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J Exp Med. 2000 Apr 3;191(7):1209-20.

Opposing effects of transmembrane and soluble Fas ligand expression on inflammation and tumor cell survival.

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Department of Microbiology, Boston University School of Medicine, Boston, Massachusetts 02118, USA.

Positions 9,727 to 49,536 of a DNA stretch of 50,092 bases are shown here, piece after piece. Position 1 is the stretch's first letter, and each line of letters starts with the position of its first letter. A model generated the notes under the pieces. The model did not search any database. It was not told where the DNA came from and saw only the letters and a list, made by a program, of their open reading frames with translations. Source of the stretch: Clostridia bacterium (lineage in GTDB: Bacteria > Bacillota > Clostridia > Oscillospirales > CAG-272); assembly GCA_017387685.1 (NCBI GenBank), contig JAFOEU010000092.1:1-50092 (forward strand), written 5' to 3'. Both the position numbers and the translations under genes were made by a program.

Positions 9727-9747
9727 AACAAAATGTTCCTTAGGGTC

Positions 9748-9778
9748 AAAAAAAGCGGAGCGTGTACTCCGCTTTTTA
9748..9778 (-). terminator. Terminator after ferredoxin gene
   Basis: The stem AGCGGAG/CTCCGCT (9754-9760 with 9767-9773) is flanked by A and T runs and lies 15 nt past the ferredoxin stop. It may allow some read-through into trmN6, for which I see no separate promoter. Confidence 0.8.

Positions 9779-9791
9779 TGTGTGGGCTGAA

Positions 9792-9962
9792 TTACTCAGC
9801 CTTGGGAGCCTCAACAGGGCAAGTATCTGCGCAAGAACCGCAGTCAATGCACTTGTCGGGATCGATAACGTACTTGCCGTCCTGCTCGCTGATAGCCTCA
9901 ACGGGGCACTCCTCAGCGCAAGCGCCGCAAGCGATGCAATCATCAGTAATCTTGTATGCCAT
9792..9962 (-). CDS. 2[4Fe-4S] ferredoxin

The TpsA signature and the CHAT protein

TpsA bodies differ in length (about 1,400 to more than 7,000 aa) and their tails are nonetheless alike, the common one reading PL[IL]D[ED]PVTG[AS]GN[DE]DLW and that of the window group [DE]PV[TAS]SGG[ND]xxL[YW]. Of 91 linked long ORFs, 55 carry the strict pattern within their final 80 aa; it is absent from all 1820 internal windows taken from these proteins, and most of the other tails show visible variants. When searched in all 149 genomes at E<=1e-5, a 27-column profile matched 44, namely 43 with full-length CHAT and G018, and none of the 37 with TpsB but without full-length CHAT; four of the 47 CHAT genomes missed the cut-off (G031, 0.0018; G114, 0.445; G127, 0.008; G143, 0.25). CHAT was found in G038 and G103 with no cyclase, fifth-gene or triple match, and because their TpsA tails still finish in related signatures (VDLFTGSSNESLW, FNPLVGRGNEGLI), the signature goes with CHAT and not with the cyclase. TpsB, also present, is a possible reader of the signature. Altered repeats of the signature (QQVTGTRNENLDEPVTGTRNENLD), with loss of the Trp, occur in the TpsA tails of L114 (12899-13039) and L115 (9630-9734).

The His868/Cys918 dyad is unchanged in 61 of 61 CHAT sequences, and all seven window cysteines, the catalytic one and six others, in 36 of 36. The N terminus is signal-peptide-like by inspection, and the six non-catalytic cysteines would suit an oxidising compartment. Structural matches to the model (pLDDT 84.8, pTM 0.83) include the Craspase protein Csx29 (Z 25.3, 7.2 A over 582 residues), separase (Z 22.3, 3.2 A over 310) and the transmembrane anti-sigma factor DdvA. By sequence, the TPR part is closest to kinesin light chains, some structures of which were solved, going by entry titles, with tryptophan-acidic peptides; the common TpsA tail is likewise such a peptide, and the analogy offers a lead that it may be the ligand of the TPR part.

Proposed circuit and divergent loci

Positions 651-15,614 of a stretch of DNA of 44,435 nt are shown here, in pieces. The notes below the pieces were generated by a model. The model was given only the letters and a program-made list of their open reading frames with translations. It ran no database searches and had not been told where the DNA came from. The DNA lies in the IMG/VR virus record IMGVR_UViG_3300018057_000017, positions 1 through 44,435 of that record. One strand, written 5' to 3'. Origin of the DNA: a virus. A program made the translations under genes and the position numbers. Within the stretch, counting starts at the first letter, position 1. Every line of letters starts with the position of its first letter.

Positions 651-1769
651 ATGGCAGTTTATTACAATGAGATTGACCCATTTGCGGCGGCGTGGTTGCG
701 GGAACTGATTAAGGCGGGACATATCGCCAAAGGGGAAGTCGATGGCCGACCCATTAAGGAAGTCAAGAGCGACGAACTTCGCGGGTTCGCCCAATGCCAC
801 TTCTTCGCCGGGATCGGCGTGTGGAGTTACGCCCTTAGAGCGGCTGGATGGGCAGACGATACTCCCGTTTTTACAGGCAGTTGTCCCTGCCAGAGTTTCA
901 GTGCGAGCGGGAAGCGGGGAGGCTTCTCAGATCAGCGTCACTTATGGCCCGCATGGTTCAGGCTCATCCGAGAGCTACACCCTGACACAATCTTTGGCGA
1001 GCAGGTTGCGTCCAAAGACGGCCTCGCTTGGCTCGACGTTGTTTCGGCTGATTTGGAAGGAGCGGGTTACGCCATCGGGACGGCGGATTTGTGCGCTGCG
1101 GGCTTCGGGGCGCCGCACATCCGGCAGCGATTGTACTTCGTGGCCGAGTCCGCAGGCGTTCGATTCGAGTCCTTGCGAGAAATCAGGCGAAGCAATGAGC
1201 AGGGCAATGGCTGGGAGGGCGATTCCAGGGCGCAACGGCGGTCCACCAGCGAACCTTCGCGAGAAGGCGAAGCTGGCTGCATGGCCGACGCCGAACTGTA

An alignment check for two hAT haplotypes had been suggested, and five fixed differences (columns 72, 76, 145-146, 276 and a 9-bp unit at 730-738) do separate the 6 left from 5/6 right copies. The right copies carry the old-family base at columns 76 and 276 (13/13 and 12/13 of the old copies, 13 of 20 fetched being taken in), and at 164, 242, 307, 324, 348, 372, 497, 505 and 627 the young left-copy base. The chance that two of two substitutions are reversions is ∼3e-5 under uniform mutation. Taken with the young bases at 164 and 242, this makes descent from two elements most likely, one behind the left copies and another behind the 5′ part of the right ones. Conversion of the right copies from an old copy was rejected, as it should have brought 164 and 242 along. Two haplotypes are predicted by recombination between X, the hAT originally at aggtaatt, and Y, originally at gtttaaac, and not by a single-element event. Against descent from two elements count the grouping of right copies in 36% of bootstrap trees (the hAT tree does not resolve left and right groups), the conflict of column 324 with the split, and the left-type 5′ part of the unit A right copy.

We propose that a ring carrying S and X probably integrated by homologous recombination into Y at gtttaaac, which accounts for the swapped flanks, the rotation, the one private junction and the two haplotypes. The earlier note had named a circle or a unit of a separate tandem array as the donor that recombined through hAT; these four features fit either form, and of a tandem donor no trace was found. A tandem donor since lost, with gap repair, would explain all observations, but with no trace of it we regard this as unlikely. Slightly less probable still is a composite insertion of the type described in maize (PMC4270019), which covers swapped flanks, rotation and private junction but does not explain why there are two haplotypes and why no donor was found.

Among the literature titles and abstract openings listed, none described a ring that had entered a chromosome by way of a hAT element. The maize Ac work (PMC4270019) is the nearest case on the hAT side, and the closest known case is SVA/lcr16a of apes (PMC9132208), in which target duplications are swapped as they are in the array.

Fas ligand (FasL) has been shown to mediate both apoptotic and inflammatory reactions. To rigorously assess the physiological role of different forms of the FasL molecule with regard to these two distinct processes, we isolated stably transfected lymphoma cell lines that expressed either murine wild-type FasL, membrane-only FasL, or functionally distinct forms of soluble FasL. First, the ability of these lines to induce an inflammatory response was assessed in vivo by injecting the transfectants intraperitoneally and measuring subsequent neutrophil extravasation into the peritoneal cavity. Second, lines were assessed by injecting the transfectants subcutaneously and monitoring their growth as solid tumors. Our study clearly demonstrated that the extent of inflammation induced by the transfectants directly correlated with their relative cytotoxic activities. A neutrophil response could only be elicited in mice with intact Fas death domains although Fas expression by the neutrophils was not essential. Lymphoma cells expressing the soluble FasL form corresponding to the natural cleavage product could not trigger apoptosis and did not induce a neutrophil response. In contrast to the other FasL transfectants, these cells survived as tumor transplants. However, expression of soluble FasL was not benign, but actually suppressed the inflammatory response and protected other transfectants from the effector mechanisms elicted by membrane-bound FasL.

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